Students share sequestration frustration
In the next eight months, 4,720 low-income students in Texas will lose their financial aid, and another 1,450 students will either lose or be unable attain work-study jobs because of the sequester that went into effect Friday, according the whitehouse.gov.
The sequester, an $85 billion federal spending cut occurring through Oct. 1, is intended to reduce the gap between the nation’s deficit and gross domestic product by decreasing government agency and state budgets.
“These cuts were largely across the board, which essentially means that nearly every federal program or service, with a few exceptions, was evenly cut with no discretion,” said political science and economics senior Jorge Jerez.
“The effects will be considerable to those heavily invested in these programs.”
Funding for education will take a considerable amount of the damage across the nation, and Texas will likewise feel the impact of sequestration substantially as the fourth most affected state overall and the second most affected state for education funding cuts, behind California, according to calculations by the Pew Center on the States.
The Texas state budget may lose up to $334 million in cuts to public education programs and, according to NBC Dallas-Fort Worth, the Texas Education Agency may lose grants totaling as much as $167.7 million.
The agenda will occur during the first phase of budget reductions and will last until October; yet sequestration is a 10-year plan that will cut spending by $1.2 trillion over the next decade.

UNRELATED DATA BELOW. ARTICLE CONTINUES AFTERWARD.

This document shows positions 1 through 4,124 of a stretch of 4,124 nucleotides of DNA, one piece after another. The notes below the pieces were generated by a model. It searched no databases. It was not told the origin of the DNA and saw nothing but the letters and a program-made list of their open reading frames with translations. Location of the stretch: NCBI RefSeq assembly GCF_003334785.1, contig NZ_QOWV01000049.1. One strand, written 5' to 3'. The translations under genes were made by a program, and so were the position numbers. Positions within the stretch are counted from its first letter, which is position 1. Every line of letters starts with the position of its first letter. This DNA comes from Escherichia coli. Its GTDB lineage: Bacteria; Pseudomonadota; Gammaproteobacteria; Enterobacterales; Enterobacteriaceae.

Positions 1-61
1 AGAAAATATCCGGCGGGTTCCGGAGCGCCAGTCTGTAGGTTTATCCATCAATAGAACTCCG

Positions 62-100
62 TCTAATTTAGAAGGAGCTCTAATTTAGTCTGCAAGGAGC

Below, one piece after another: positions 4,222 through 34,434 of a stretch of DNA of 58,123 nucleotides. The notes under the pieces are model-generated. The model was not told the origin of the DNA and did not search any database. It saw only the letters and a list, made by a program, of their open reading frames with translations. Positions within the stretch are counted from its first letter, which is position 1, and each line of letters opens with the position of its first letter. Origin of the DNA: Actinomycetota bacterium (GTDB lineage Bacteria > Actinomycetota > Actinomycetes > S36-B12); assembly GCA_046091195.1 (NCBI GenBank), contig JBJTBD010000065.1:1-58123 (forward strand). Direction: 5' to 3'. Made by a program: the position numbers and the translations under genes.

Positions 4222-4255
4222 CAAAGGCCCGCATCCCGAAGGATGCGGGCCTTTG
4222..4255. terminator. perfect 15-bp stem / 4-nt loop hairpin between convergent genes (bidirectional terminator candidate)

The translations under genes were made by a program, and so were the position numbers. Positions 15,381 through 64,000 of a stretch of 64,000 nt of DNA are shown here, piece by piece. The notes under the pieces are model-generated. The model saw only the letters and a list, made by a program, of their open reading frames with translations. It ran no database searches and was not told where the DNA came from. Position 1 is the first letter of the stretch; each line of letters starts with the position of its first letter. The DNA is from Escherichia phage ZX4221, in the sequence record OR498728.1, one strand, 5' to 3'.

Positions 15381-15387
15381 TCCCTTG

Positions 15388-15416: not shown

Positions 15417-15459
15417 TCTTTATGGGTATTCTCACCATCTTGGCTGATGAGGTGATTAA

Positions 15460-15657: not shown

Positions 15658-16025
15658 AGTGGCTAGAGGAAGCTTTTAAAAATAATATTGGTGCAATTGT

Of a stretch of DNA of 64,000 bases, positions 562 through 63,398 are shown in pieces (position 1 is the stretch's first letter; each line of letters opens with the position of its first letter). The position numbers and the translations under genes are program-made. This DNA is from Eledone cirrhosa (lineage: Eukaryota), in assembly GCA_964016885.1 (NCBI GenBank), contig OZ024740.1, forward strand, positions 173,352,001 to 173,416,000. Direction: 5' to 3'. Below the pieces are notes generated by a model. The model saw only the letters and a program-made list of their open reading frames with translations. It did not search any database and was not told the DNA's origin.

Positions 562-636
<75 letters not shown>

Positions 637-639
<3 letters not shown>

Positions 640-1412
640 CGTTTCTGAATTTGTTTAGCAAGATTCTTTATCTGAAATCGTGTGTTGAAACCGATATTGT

College students will begin to feel the strain of sequestration in the coming academic year. Although Pell Grants are exempt from cuts in the first year of the budget decreases, it is likely to experience reductions in the coming years, which can affect more than 9 million students nationwide, according to National Association of Student Financial Aid Administrators.
“The effect will be brutal, but hopefully the universities will make changes to their budget to soften the blow,” Jerez said.
“I have studied in a program that has been cut by state funding before and though these cuts were noticeable, most students adapted to the change. I would have preferred for education to have been exempted in these cuts, but they occurred and I believe we are very resilient.”
The impact of the sequestration goes beyond student financial aid.
As a research university, our federal research contracts and grants will see a 5.1 percent reduction, said President and Chancellor Renu Khator.
Likewise, as students graduate in the coming years, searching for a job may become increasingly difficult. According to whitehouse.gov, assistance for job searching will lose more than $2.2 million in funding and more than 83,000 fewer people will get the help they need to find employment in just the first eight months of sequestration.
It has become clear that the federal cuts will affect current and future students, as well as new graduates, for years to come.
“It’s disappointing that the university hasn’t said more on this,” said history sophomore and Council of Ethnic Organizations office assistant Eric Kao.
“I just hope that our tuition isn’t increased to cope with these budget cuts.”